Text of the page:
At the 2011 Holocaust Memorial Day Trust (HMDT) AGM I volunteered to represent HMDT at an event in Wales on 23 January 2012. Thinking about the trip later, I thought that whilst I was in Wales I could renew my acquaintance with Lesley Blower, the Diversity Officer at Neath Port Talbot College (NPTC). We first met in Bath in October 2009 when I spoke at an HMDT workshop for people running events for HMD and met again at a workshop in Neath in December 2009. Apparently Lesley was so taken with my story that she used it for the NPTC HMD event and subsequently persuaded the NPTC’s Department of Horticulture to create a Holocaust Memorial Garden under the guidance of the senior lecturer Bob Priddle.
NPTC is one of the largest colleges in Wales with 14,000 students and 800 staff was created in 1999. It is a tertiary college as well as offering general further education over 8 sites with the main ones being at Neath and Afan. A third of the students are full time, with the rest part-time – all following a variety of courses including 50 A Level courses and 90 vocational courses. In addition Adult and Community Learning is delivered in over 70 outreach centres throughout the county.
I first visited the College in April 2010 when I was honoured to open the garden and plant a tree in honour of my maternal grandfather, Armin Klein, who was killed at Auschwitz in 1944. On this visit I was delighted to see the tree had grown quite a bit.
The garden was as impressive as when I first saw it. It is at the college gardens at Twyn-yr-Hydd and is called ‘The Legacy of Hope’ from the 2010 HMD theme. Bob Priddle described it as follows: ‘This garden was constructed by Level 2 students, undertaking the Work Based Studies in Horticulture course. The garden has chains and barbed wire – symbols of imprisonment. The railway sleepers represent the terrible journey that many endured. Birch trees push through the structure as a symbol of growth and renewal. All that is necessary for the triumph of evil is that good men do nothing. Edmund Burke.
You can see a full size image of the garden on my facebook page.
From the garden we visited the Afan site where I showed my PowerPoint presentation which tells my family’s story and how I came to write my book to a group of students. Afterwards we signed the pledge to ‘Speak Up, Speak Out’
We then moved to the Neath site where I signed the Library copy of ‘The Other Schindlers’ and signed the pledge again. I left the College uplifted by the enthusiasm of all the students and staff to ensure that the lessons of the Holocaust are never forgotten in this part of Wales and heartened by the warmth of the welcome I had received yet again.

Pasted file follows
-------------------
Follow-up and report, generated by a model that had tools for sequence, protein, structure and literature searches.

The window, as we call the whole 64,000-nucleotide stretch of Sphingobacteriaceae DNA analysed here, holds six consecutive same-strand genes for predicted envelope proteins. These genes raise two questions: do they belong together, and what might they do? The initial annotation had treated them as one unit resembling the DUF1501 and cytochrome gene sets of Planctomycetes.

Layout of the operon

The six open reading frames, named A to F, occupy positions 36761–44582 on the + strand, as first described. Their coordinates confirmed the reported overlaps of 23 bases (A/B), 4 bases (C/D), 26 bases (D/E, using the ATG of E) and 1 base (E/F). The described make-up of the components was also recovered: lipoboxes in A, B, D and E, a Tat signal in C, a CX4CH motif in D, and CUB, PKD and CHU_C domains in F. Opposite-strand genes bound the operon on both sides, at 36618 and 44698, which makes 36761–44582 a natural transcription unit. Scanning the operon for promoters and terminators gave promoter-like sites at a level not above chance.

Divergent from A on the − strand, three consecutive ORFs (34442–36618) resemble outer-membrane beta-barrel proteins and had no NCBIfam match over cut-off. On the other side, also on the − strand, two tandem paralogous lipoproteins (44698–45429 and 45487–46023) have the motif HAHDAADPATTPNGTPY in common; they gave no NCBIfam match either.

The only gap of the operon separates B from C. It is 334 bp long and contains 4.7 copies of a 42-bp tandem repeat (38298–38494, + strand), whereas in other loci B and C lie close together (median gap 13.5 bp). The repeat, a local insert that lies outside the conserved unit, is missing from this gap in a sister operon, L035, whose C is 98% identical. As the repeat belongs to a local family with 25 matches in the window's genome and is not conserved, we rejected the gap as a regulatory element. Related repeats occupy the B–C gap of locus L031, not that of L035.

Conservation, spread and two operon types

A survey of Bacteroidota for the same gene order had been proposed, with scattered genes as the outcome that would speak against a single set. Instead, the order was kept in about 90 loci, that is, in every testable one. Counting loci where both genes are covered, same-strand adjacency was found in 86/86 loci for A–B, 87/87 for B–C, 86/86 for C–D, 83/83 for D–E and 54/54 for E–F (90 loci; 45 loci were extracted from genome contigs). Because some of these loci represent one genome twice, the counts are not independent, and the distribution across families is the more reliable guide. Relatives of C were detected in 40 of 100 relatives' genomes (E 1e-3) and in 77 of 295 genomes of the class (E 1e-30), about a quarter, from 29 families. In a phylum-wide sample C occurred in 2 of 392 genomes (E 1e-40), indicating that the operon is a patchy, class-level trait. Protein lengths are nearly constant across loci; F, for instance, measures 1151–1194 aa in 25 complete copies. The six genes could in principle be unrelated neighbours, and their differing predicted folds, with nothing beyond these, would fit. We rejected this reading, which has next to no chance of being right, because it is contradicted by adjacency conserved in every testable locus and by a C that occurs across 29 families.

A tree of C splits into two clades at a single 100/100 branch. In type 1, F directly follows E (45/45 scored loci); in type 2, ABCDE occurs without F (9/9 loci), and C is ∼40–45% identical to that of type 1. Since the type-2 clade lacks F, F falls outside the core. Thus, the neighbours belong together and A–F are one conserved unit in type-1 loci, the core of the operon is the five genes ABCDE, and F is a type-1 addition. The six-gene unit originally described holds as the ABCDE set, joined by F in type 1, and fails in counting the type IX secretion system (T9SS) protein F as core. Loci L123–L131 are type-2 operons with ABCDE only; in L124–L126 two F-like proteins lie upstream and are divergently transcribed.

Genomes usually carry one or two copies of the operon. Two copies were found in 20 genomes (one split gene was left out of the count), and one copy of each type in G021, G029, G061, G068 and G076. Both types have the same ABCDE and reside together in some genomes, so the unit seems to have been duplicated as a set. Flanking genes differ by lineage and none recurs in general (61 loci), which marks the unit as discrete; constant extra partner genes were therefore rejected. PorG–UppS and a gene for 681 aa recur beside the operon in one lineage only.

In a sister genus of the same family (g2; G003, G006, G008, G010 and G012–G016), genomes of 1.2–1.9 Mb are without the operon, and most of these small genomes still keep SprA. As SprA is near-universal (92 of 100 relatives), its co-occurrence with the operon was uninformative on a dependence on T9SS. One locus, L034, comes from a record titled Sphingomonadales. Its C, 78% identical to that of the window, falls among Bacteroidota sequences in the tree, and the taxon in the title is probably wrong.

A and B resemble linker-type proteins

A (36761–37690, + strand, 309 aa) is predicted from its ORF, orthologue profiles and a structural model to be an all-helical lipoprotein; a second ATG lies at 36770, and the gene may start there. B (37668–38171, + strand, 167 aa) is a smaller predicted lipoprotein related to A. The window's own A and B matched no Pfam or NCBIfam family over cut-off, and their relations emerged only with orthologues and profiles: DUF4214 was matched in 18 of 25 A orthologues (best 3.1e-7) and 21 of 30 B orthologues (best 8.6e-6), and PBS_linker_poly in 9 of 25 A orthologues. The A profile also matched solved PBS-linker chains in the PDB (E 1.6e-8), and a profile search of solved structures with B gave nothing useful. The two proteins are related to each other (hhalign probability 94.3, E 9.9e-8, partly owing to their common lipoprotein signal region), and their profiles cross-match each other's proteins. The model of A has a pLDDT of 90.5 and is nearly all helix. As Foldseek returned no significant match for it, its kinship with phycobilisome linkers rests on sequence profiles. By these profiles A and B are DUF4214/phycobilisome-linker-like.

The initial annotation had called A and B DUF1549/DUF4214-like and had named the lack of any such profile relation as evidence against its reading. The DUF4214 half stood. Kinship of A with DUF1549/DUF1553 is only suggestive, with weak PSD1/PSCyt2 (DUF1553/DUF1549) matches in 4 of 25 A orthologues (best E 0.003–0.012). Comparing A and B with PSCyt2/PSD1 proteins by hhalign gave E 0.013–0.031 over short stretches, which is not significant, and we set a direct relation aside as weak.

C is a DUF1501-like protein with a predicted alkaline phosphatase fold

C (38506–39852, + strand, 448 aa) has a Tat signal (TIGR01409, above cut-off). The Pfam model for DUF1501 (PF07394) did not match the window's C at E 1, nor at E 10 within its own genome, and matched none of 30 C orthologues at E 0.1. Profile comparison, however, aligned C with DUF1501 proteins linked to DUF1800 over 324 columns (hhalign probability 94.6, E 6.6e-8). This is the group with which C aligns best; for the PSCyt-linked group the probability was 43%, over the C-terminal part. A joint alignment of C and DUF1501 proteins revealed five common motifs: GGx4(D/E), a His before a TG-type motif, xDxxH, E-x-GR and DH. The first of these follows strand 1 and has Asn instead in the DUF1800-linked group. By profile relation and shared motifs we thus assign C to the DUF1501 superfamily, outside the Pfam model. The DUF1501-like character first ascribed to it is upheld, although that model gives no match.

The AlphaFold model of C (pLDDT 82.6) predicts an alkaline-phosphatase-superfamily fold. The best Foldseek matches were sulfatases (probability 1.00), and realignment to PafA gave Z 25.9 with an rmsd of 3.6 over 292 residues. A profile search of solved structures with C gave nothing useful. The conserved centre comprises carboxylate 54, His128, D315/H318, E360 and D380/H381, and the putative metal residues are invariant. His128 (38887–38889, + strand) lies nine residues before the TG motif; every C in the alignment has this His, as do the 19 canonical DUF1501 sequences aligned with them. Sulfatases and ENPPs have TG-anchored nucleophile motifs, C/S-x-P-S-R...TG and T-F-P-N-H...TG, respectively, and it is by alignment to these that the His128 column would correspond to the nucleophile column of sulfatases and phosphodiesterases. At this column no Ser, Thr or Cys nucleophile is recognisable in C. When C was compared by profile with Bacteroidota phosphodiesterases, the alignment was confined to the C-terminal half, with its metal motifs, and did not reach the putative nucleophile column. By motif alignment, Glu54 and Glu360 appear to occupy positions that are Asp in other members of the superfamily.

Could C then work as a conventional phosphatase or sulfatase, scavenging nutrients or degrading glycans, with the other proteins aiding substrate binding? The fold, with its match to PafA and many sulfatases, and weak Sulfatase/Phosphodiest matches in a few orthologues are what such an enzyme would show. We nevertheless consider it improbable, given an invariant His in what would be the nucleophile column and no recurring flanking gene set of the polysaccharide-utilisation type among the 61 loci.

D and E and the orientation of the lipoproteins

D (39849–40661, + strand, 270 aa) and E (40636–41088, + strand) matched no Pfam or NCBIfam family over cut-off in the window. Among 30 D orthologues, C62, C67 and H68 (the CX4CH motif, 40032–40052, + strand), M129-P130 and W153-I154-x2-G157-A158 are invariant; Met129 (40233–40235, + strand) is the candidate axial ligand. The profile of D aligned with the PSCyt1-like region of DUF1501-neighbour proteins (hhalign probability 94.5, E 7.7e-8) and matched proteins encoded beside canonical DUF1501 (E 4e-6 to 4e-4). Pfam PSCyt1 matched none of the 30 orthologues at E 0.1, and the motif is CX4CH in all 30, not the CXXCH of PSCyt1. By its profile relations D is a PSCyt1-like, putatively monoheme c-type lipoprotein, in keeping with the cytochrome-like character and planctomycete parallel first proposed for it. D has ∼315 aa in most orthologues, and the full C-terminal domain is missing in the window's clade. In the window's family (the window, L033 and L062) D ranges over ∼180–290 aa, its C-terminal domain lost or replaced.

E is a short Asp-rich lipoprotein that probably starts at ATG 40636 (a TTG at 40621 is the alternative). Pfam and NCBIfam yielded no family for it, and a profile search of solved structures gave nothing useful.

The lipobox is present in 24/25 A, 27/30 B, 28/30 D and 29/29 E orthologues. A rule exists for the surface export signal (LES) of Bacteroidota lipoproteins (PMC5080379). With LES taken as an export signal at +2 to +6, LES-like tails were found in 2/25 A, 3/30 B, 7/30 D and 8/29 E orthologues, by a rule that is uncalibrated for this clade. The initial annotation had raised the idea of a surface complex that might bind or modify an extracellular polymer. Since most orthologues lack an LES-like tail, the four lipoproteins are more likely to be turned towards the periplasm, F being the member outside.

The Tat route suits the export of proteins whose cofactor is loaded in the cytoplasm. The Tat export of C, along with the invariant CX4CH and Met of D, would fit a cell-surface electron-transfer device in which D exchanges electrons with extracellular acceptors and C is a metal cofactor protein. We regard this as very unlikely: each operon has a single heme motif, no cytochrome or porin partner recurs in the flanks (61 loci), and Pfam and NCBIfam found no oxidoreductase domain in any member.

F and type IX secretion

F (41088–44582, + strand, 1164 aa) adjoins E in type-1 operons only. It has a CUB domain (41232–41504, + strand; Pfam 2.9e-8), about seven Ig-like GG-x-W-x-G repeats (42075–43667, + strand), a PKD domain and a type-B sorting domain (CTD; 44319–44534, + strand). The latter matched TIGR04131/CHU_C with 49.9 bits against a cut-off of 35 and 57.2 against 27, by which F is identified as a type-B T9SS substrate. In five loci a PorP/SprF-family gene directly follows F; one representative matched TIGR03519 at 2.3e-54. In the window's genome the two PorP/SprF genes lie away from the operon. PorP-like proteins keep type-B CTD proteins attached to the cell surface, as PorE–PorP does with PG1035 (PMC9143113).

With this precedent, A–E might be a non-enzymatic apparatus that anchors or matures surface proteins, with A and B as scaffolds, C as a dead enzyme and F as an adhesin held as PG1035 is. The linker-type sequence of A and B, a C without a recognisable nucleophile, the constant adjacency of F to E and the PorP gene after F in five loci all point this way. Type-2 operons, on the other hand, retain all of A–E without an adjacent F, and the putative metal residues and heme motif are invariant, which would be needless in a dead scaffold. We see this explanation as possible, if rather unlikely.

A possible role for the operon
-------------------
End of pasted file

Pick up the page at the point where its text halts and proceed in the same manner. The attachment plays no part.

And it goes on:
Later that evening I attended the Launch HMD event for Wales at Cwmbran Stadium in Torfaen with Charlie Lewis the HMDT Outreach Co-ordinator and Olivia Marks-Woldman the new CEO. We had time to view the exhibition of artwork and photos. The main event was hosted by the Reverend Canon Harald Thomas MBE who welcomed the HMDT representatives. The keynote speaker was Kemal Pervanic who spoke with great emotion of his experiences as a survivor of the Bosnian war and the Serb concentration camp at Omarska.
The Leader of Torfaen County Borough Council read Pastor Niemoller’s famous poem and the First Minister, the Rt. Hon. Carwyn Jones gave his thoughts on HMD and was followed by the local MP the Rt. Hon. Paul Murphy. Delightful singing by the Nidus Children’s Choir was followed by the unveiling of a specially commissioned painting by two local artists – Janita Tapp and Eileen Mills-Long – on the theme of ‘Speak Up, Speak Out’. The painting is very moving and a most original commemoration of HMD.
We eventually arrived back at Paddington at 11.45pm. It had been a long and eventful day. I felt somewhat weary but overwhelmed by the response I had found to commemorating the Holocaust in Wales and I was glad to have been there to help promote the message. I congratulate everyone involved and all those I spoke to for their interest and compassion. With particular thanks to Lesley Blower, the remarkable NPTC Diversity Officer for her energy and hospitality. Our friendship came out of our work for HMD and long may it continue. I am just left wondering what my poor Hungarian grandfather would have made of his tree in Neath planted 66 years after his death.
PS. My facebook fans increased considerably after my trip – so thanks to Lesley and the students. Join them on www.facebook.com/theotherschindlers
See the following links: The NPTC newsletter about my visit – http://www.nptc.ac.uk/en/news/college_news_story.php?newsid=243
News about Bob Priddle – http://www.nptc.ac.uk/en/news/college_news_story.php?newsid=245